Ongoing tragedy

2008-12-13 00:00

As the meltdown of Zimbabwe continues its protracted course, the danger grows that a kind of observer fatigue will set in. Just as Robert Mugabe’s claim that there is no cholera crisis now sounds like an ironic echo of Thabo Mbeki’s denial that there was any crisis at all a year ago, so a great deal of what needs to be said seems to have been said already, and with scant effect. Yet it does need to be said again.

Part of the tragedy of Zimbabwe is that so much of it has been the predictable, and predicted, consequence of the Harare regime’s actions over many years, and yet nothing meaningful has been done to divert Mugabe from his lunatic course. It would be an abrogation of duty not to maintain the pressure for effective action.

The prime concern must be for the suffering of Zimbabwe’s people and the restoration of a functional democratic state there, but this country has its own reasons to act. As predicted,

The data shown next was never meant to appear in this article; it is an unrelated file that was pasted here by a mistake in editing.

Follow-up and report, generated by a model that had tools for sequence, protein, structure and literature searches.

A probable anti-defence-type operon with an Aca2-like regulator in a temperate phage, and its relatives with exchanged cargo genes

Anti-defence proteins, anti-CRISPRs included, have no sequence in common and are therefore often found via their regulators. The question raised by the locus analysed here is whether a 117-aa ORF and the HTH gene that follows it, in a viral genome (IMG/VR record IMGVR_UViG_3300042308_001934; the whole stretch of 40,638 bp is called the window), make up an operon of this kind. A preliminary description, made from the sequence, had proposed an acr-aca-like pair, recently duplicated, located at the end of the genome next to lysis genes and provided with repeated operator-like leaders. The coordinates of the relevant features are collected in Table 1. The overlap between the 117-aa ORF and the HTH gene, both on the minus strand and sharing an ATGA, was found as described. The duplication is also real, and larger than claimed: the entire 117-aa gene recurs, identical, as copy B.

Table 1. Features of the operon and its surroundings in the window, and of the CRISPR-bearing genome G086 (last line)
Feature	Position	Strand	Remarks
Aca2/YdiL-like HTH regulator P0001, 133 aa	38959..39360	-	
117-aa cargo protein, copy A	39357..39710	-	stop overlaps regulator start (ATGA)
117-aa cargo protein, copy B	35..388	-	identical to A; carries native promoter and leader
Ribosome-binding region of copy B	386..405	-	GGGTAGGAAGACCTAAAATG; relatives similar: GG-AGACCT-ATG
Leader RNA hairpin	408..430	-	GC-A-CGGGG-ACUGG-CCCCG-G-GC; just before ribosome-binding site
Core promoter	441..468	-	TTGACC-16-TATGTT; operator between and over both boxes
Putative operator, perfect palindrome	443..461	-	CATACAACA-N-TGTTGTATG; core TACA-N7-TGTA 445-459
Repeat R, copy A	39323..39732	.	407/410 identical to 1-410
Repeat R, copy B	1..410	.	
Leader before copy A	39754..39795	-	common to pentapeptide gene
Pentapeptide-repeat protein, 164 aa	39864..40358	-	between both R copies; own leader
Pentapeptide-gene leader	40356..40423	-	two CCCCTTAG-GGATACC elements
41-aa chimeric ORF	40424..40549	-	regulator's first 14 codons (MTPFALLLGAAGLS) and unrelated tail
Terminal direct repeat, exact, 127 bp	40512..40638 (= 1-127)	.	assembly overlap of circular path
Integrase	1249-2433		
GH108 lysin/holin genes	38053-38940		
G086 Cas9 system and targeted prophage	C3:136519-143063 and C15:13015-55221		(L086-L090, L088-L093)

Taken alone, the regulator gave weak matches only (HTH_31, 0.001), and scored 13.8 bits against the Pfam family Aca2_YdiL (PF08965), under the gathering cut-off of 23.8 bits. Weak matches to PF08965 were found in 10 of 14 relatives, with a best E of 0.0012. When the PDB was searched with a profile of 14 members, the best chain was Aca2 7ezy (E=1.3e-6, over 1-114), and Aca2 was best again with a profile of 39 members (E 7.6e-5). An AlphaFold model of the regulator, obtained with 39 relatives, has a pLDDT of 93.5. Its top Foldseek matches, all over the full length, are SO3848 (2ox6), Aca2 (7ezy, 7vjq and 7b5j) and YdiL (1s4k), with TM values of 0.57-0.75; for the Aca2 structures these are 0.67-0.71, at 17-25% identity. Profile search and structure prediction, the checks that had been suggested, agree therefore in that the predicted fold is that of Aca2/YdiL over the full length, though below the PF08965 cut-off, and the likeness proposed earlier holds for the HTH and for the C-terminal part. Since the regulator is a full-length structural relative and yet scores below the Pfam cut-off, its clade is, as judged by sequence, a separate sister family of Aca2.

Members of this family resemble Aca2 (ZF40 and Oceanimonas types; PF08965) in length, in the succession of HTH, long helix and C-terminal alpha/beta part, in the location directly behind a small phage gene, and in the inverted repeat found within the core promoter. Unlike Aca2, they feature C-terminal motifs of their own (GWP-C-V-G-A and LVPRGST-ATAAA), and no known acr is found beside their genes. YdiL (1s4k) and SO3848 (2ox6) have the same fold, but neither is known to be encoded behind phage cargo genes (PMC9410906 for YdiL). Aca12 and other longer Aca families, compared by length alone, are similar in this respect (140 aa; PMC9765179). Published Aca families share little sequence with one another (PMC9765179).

Zimbabwe’s disarray is spilling over our borders. Thousands of émigrés and the spurt of xenophobia have presaged greater costs to come. Action will be difficult, especially as the African National Congress still puts solidarity with former liberation movements ahead of the future peace and security of the region, but surely the leadership of southern Africa cannot continue to stand and watch as Zimbabwe collapses in complete chaos? An unequivocal statement of disapproval and a controlled squeeze by neighbouring states would be a long overdue first step.

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